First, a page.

The real problem was: having realized that the previous work had involved this major misjudgment, I no longer trusted that work in other ways..specifically, I no longer took it for granted that the statistical model that had been used in the past was adequate. I finally did what I should have done months (!) earlier: rather than make a few plots and tabulate a few things to confirm that the model was behaving OK, I started looking for evidence that the model had significant problems. And sure enough: the model had significant problems. I spent several solid days coming up with a final model that I was willing to stand behind…which doesn’t sound so bad, but significantly expanded the workload: now, instead of just saying “we used the same model they used last year, except for such-and-such a minor modification”, we needed to explain why we did what we did, quantify how much difference this made, and so on. Of course this meant that the numbers we had submitted earlier — a week and a half ago, at this point — needed to be changed, because we have this new model, so that was a slightly embarrassing issue with the client. And we eneeded more tables, more plots, a section comparing the models and explaining the differences that are due to the model (in addition to a section explaining what had changed about the program; these two now had to be untangled). All of this with the clock running. Having lost a week diagnosing the problem with the previous model and convincing the client that it was indeed a big problem, and then another coming up with an improved model and figuring out the implications, we now had about three weeks to write the report. Five had already seemed pretty tight, to write what we expected to be a simpler report. Having 3/5 of the time to write a report that was 5/3 as complicated (or something)…well, we got it done, and I am pretty proud of it, but the five weeks from the start of this narrative to the moment we finished were as unpleasant a period of work as I’ve experienced in 25 years.

What are the lessons I am taking away from this?

The biggest lesson is: You know your model is not perfect, which means you know there are ways in which the answers it generates are wrong. You need to know what those ways are, and see whether the results are good enough for your purposes. If they aren’t, you need to modify the model. My initial mindset was more like “this is the model that was used in the past, let me check a few things and see if it makes sense”, and that’s completely wrong. My goal should have been to try to demonstrate that the model was inadequate, not to try to check whether it’s adequate.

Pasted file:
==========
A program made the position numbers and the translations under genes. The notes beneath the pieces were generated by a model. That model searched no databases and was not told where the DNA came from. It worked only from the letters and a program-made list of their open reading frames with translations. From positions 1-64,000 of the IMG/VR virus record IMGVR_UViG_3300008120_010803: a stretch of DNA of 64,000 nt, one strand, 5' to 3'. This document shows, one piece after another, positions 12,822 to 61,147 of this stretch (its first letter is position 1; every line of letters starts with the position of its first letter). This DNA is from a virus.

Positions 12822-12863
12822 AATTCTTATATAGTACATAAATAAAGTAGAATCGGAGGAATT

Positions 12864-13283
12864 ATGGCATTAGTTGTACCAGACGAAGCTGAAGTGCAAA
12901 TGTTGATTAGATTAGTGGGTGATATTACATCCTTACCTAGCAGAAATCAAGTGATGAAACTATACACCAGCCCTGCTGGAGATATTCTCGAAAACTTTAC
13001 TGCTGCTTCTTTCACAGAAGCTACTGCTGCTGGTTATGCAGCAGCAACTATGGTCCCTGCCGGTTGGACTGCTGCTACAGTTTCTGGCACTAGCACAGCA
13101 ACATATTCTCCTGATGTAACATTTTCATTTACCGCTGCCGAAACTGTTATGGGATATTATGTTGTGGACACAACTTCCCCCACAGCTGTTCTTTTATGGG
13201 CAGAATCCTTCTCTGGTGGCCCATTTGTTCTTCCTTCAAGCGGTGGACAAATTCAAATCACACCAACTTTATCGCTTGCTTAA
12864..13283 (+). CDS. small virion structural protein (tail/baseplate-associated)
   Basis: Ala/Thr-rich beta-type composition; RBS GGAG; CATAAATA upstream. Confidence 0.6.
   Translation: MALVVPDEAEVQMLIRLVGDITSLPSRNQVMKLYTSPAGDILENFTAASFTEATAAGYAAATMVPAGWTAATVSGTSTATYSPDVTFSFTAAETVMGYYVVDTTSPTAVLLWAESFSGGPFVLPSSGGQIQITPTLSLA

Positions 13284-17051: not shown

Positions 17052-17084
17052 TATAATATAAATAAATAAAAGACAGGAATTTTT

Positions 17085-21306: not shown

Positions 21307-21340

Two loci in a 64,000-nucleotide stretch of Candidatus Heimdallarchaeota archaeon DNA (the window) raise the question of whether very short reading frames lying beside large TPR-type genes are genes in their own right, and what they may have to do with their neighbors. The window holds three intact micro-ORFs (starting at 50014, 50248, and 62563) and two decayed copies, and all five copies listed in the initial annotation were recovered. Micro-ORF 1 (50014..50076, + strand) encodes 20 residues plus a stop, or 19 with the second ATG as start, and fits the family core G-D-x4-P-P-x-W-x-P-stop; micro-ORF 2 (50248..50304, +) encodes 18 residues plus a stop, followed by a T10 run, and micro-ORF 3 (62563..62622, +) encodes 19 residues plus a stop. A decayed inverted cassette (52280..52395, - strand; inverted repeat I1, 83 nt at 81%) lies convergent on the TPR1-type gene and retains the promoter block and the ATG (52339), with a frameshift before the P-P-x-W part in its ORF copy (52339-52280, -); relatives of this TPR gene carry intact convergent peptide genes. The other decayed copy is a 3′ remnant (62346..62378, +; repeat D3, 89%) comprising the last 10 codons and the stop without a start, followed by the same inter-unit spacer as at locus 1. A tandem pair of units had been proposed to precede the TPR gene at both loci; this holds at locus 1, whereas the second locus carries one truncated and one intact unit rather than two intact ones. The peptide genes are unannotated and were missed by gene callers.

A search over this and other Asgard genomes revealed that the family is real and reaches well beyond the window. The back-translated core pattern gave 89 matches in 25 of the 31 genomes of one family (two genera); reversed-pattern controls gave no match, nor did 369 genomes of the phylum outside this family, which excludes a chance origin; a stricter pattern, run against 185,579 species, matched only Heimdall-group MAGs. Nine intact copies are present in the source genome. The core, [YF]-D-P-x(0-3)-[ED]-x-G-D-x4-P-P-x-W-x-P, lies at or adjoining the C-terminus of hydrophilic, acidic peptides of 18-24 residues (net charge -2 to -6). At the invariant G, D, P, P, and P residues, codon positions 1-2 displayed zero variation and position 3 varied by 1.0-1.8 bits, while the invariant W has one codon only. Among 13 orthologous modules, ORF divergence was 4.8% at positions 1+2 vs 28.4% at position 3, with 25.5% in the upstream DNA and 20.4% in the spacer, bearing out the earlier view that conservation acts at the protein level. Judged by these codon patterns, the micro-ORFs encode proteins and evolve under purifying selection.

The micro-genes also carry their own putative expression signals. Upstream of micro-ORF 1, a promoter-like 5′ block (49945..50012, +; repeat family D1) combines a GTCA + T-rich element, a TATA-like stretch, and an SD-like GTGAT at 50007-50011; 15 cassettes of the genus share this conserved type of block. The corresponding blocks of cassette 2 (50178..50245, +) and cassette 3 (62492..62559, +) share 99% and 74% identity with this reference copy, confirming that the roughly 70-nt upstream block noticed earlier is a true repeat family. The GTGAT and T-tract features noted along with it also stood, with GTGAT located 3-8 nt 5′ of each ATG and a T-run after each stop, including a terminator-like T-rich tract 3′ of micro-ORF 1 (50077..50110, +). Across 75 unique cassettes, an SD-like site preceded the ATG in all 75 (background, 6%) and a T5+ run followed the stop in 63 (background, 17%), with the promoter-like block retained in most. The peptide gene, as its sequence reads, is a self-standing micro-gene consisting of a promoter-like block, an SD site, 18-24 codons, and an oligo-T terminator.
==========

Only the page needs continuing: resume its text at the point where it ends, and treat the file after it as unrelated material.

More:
The second lesson is: I really do need to code better. I did not find any really major errors in the work that I had done to generate the first set of numbers, but I could have; indeed, it seemed so plausible that I had made a major mistake that I assumed that must be the problem. Right now I am very sure that my analysis, and the code that implements it, does not have any mistakes of practical significance, but that was definitely not true at the time that we submitted our first results, and it should have been. This is partly a matter of simply allowing more time, but there’s a big component of better practices: create modules that can be tested independently, and then create tests for them, those are two of the big things I didn’t do initially.

Finally — and this is a minor one compared to the others — I should have been a lot less trusting of the previous work. In fact there were some major red flags. I already mentioned the use of two highly correlated variables in a regression, with no attempt to ensure that they could reasonably be jointly used to extrapolate beyond the range of the data, nor even any discussion of the issue. Also (perhaps related to that one) I had of course noticed that the previous analysts had not tabulated the regression coefficients of their model. I assumed that was just because the intended audience didn’t care about, or wouldn’t understand, such a table…but shouldn’t they have put it in anyway? (In fact, it is a requirement by the regulators, had anyone chosen to check). In essence, I had made the mistake of judging the book by its cover: I assumed that since the report appeared to have been done reasonably well, it actually had been.